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Impact, Effectiveness, & Future Application of Positive Behaviour Teams in the provision of disability support services in Western Australia. A Research Report Commissioned by the Disability Services Commission, WA Assoc. Prof. Keith McVilly (Deakin University, Vic)

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Impact, Effectiveness, & Future Application of Positive Behaviour Teams in the provision of disability support services in Western Australia

A Research Report Commissioned by

the Disability Services Commission, WA

Assoc. Prof. Keith McVilly (Deakin University, Vic)

[email protected]


Today s presentation
Today’s Presentation

  • Brief background and context to the PBT

  • Provide an overview of the research process

  • Describe some of the key findings

  • Outline some of the key recommendations and action to date


The positive behaviour team
The Positive Behaviour Team

  • An interdisciplinary tertiary level team within the Disability Services Commission

  • Commenced in 2007, in response to the “Sector Health Check”

  • Now operating as part the Positive Behaviour Framework (formalised in 2009)


Team mission
Team Mission

‘To encourage lasting, positive behaviour change and improved quality of life of the person with a disability and their family by increasing the capacity of the person, their environment and support systems’


Client group
Client Group

  • People with a developmental disability

  • Aged 6-25

  • Who exhibit challenging behaviour

  • Living in a family context


Staffing
Staffing

  • Clinical Psychology

  • Speech Pathology

  • Social Work

  • (Occupational Therapy)


The 3 pillars
The 3-pillars

  • Family Systems Approaches + CCA

  • Applied Behaviour Analysis + PBS

  • FunctionalCommunication


Two fold focus
Two-fold Focus

  • Positive Behaviour Change

  • Promoting Family Quality of Life


A collaborative model
A Collaborative Model

  • Working WITH families

  • To DISCOVER the what, why, and how to act; and build a SHARED understanding

  • Utilising a TRANSDISCIPLINARY model of team work


Research objectives
Research Objectives

  • To determine the impact & effectiveness of the services provided by the PBT.

  • To establish an evaluation framework & management tool for on-going support of the PBT

  • To provide a framework to inform evidence-based practices in future sector-wide developments involving PBT services.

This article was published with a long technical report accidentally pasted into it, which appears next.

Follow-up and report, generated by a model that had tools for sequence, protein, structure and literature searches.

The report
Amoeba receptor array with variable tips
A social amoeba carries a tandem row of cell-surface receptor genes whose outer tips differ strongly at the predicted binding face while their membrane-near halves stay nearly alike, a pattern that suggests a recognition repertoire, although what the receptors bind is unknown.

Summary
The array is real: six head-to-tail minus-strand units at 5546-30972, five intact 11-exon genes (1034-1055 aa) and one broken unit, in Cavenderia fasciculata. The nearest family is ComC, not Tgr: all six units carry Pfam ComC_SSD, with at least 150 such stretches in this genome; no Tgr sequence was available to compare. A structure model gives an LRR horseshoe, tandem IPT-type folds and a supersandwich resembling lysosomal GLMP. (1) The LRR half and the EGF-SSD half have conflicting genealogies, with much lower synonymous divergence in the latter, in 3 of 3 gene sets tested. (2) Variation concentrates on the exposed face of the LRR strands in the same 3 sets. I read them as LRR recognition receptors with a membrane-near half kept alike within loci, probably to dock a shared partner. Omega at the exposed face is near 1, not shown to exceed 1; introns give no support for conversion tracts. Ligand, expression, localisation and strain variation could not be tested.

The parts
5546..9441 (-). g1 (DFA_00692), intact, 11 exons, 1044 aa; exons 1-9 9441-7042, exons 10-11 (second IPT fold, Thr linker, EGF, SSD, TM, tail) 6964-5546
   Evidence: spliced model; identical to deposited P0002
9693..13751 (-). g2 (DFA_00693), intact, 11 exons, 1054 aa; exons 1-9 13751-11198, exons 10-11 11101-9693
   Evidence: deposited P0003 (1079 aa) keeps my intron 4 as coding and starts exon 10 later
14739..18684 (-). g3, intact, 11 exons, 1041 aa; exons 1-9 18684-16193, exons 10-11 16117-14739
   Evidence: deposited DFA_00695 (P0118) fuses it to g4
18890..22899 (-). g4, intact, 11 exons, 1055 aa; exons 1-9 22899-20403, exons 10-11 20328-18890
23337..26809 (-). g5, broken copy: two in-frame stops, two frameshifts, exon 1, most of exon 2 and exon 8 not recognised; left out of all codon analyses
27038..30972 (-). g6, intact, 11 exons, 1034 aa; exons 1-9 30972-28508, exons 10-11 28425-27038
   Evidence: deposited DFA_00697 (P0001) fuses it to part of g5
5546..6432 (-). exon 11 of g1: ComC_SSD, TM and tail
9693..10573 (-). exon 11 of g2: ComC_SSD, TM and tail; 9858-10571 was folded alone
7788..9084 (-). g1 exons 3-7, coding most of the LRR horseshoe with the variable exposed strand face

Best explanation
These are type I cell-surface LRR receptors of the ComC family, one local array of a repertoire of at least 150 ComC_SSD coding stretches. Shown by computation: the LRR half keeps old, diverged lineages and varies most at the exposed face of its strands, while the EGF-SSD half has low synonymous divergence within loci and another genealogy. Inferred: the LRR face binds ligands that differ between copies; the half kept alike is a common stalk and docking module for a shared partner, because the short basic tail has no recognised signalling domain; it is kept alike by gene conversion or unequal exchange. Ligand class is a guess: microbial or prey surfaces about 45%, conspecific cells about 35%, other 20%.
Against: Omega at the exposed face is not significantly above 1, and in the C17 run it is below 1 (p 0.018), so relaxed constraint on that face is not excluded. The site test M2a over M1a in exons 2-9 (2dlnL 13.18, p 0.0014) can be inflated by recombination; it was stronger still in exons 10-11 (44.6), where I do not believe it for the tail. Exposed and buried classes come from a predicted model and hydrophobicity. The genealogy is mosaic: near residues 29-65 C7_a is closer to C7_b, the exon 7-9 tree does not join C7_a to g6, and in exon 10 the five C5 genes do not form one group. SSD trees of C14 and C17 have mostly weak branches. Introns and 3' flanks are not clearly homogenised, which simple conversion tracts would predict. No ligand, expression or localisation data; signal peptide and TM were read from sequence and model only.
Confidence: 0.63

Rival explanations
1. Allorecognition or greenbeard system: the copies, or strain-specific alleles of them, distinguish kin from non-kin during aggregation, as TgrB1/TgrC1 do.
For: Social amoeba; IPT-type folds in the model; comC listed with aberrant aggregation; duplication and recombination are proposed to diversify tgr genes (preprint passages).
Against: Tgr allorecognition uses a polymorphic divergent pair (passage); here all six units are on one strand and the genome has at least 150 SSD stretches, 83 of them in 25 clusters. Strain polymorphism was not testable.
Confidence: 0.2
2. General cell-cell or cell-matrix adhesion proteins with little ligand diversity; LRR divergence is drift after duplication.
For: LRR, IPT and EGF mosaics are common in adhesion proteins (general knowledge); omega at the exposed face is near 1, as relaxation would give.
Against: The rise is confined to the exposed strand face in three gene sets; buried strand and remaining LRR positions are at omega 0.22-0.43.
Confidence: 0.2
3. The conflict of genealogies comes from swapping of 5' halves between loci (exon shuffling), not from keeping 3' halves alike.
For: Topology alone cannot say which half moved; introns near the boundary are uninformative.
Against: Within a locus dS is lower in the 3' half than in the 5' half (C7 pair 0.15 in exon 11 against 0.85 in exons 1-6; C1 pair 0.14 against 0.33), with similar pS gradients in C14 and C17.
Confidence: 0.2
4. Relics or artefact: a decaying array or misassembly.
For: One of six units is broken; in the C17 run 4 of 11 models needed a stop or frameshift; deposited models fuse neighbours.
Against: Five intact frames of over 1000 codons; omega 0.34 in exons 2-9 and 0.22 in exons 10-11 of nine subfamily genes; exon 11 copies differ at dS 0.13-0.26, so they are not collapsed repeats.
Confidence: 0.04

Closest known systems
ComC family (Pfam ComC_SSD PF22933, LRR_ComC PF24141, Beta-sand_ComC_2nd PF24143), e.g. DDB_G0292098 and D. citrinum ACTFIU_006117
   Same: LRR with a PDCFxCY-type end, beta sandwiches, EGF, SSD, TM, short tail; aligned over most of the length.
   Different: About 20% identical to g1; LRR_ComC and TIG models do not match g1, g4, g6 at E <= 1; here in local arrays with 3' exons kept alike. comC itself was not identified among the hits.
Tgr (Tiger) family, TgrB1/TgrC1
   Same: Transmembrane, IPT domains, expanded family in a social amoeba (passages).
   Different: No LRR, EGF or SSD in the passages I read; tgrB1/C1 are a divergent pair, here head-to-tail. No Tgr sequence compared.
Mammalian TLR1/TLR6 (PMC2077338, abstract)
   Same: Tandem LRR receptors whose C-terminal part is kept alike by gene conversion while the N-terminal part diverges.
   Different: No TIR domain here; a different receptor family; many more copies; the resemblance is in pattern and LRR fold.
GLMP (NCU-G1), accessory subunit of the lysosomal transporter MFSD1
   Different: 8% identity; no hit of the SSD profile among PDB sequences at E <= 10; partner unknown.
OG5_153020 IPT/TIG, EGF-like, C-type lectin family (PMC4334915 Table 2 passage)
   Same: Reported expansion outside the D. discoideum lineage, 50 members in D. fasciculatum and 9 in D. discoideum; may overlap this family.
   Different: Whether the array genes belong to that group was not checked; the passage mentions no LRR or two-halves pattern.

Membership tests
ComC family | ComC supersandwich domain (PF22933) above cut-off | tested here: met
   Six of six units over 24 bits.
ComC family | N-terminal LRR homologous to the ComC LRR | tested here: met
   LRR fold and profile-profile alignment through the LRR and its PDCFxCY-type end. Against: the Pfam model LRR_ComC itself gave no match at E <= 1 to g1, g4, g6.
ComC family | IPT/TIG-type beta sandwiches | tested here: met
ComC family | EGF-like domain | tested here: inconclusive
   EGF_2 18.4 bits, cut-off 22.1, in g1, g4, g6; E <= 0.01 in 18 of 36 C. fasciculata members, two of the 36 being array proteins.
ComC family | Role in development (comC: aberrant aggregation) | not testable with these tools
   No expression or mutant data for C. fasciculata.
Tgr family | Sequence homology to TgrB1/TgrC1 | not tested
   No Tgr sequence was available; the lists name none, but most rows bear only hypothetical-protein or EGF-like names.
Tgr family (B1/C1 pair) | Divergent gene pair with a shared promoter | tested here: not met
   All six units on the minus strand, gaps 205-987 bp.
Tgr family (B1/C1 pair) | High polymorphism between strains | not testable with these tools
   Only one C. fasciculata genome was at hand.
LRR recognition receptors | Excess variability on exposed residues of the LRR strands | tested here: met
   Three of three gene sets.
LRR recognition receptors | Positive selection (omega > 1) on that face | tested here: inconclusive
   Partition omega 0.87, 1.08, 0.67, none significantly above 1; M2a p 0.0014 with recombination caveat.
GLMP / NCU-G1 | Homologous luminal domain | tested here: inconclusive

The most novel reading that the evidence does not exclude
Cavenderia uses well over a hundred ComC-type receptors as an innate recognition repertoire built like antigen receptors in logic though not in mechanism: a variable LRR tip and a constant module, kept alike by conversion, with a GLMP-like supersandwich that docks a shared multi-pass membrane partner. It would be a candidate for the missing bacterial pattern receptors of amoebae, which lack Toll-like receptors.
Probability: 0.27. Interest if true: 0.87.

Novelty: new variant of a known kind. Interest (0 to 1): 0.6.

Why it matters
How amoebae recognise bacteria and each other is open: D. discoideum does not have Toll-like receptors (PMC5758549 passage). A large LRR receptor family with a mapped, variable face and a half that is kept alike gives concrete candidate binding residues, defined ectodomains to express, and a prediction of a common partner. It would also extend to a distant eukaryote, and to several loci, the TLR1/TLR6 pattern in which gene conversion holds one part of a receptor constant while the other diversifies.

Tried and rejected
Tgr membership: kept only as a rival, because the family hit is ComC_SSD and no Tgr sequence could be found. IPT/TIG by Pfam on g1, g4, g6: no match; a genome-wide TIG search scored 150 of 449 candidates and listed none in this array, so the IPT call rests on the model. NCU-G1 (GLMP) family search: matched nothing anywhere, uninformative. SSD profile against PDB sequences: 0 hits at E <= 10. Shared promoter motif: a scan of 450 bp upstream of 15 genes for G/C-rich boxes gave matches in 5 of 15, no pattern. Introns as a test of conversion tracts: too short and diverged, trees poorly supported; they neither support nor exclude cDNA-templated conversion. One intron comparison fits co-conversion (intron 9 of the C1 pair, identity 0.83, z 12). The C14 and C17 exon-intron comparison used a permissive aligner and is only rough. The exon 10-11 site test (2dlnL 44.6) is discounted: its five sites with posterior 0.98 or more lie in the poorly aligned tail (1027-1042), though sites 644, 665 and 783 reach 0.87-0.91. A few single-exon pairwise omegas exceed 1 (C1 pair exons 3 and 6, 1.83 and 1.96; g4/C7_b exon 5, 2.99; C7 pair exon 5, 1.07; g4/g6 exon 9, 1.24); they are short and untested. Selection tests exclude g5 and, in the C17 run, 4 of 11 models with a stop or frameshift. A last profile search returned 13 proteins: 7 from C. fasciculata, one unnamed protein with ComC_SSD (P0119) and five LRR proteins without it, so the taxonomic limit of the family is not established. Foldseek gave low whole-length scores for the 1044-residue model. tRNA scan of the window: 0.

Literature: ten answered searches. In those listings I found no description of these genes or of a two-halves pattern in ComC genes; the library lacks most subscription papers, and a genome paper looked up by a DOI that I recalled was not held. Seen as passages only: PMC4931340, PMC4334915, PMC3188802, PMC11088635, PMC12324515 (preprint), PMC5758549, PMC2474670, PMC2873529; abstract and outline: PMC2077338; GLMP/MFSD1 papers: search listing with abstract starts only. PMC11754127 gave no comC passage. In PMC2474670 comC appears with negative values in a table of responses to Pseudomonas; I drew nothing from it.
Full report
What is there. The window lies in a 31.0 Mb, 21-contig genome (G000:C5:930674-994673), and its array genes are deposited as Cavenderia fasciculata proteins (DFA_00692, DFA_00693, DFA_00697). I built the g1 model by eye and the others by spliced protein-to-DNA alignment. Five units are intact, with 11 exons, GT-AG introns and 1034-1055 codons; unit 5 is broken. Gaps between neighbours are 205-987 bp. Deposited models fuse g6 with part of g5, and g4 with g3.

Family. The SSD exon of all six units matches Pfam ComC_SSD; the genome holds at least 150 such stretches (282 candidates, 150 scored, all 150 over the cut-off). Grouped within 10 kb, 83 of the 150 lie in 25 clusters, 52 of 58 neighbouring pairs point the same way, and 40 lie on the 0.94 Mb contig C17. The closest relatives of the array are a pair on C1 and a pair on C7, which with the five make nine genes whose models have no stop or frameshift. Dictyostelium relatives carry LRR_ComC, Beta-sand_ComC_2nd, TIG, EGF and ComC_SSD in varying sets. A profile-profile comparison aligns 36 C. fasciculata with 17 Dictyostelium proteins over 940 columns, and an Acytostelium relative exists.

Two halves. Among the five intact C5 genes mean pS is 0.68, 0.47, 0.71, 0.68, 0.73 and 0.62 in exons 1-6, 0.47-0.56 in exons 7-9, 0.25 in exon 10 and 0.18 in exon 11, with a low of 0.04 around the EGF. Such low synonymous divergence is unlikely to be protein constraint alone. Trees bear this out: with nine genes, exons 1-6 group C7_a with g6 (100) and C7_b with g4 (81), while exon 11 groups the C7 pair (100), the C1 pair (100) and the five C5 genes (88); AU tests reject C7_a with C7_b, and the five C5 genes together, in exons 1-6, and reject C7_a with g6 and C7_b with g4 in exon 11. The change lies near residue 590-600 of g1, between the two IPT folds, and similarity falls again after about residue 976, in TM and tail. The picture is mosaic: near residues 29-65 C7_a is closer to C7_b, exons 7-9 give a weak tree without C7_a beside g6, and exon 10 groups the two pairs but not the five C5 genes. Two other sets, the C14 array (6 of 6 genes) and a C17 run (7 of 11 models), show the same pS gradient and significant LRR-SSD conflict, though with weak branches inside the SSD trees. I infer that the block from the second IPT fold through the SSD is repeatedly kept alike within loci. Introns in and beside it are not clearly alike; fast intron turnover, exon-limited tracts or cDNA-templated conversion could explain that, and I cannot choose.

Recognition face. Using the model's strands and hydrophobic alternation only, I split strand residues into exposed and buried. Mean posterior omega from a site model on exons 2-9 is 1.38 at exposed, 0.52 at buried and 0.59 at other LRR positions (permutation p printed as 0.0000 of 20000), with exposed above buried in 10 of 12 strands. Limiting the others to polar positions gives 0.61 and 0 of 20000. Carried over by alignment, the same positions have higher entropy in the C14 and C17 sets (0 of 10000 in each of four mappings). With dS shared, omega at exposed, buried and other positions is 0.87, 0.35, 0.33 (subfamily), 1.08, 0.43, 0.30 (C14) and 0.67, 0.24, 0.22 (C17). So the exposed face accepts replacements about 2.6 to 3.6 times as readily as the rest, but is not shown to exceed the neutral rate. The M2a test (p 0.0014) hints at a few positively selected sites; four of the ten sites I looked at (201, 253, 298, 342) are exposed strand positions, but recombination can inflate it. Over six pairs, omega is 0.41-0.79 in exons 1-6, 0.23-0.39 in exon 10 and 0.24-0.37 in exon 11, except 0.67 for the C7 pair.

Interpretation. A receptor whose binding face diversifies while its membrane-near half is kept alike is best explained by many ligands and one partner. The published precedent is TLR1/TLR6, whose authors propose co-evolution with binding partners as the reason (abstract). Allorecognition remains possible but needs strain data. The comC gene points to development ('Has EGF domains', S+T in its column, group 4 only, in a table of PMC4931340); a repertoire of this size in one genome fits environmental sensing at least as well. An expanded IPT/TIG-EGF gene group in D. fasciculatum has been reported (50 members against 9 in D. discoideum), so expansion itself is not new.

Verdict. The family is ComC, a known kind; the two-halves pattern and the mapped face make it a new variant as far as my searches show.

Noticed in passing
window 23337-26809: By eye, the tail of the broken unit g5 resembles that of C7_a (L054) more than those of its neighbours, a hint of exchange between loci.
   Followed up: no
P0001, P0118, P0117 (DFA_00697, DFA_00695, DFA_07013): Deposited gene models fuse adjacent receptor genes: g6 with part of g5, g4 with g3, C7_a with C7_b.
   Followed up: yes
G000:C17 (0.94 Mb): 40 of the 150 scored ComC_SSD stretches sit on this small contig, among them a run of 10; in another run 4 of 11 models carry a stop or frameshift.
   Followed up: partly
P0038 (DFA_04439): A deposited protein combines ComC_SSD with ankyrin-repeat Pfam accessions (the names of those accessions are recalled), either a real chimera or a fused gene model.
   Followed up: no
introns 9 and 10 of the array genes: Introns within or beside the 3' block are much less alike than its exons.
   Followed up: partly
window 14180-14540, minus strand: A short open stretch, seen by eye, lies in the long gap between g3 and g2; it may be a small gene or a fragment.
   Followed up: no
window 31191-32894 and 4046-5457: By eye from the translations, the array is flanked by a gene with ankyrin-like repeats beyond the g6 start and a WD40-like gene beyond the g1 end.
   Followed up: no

Research activities
Research Activities

July 2008 to December 2010

Formative & Summative approach

  • Documentation review

  • Development of Research Protocol with PBT

  • Database Development

  • Family Interviews & Surveys

  • Staff Interviews & Surveys

  • LAC Focus Group

  • Community Teams Focus Group

  • School & Respite Service Interviews


Family measures
Family Measures

  • Beach Center on Disability (2003). Partnership and family quality of life survey. University of Kansas.

  • Cummins, R., & Lau, A. (2006). Personal Wellbeing Index, 4th Edition. Melbourne: Deakin University.

  • Einfeld, S. & Tong, B (2002). Developmental Behaviour Checklist, Revised. Melbourne, Australia: Centre for Developmental Psychiatry & Psychology, Monash University.

  • Hammer, A., & marting, M. (1987). Coping Resources Inventory. Palo Alto, CA: Consulting Psychologists Press.

  • Lovibond, S.H. & Lovibond, P.F. (1995). Manual for the Depression Anxiety Stress Scales. (2nd. Ed.). Sydney: Psychology Foundation

  • Stepping Stones Positive Parenting Program (2003) Parenting Scale. Queensland, Australia: Author.


Family interviews
Family Interviews

The Partnership Orientation Measure

Garbacz, S., Woods, K., Swanger-Gagne, M., Taylor, A., Black, K., & Sheridan, S. (2008). The Effectiveness of a Partnership-Centred Approach in Conjoint Behavioral Consultation. School Psychology Quarterly, 23 (3), 313–326.

Quality of Family – Professional Partnerships

Summers, J., Hoffman, L., Marquis, J., Turnbull, A., Poston, D., Nelson, Louis (2005). Measuring the quality of family – professional partnerships in special education. Exceptional Children, 72 (1), 65-81.

Measure of Processes of Care (MPOC-20)

King, S., King. G, & Rosenbaum, P. (2004). Evaluating Health Service Delivery to Children With Chronic Conditions and Their Families: Development of a Refined Measure of Processes of Care (MPOC–20). Children’s Health Care,33(1), 35–57.

Measure of Beliefs About Participation in Family-Centered Services

King, G., Kertoy, M., King, S., Law, M., Rosenbaum, P., & Hurley, P. (2003). A Measure of Parents’ and Service Providers’ Beliefs About Participation in Family-Centered Services. Children’s Health Care, 33(3), 191-214.


Staff measures
Staff Measures

King, G., Kertoy, M., King, S., Law, M., Rosenbaum, P., & Hurley, P. (2003). A Measure of Parents’ and Service Providers’ Beliefs About Participation in Family-Centered Services. Children’s Health Care,

Maslach, C. & Jackson, S. (1986). Human Services Survey. Palo Alto, CA: Consulting Psychologists Press 33(3), 191-214.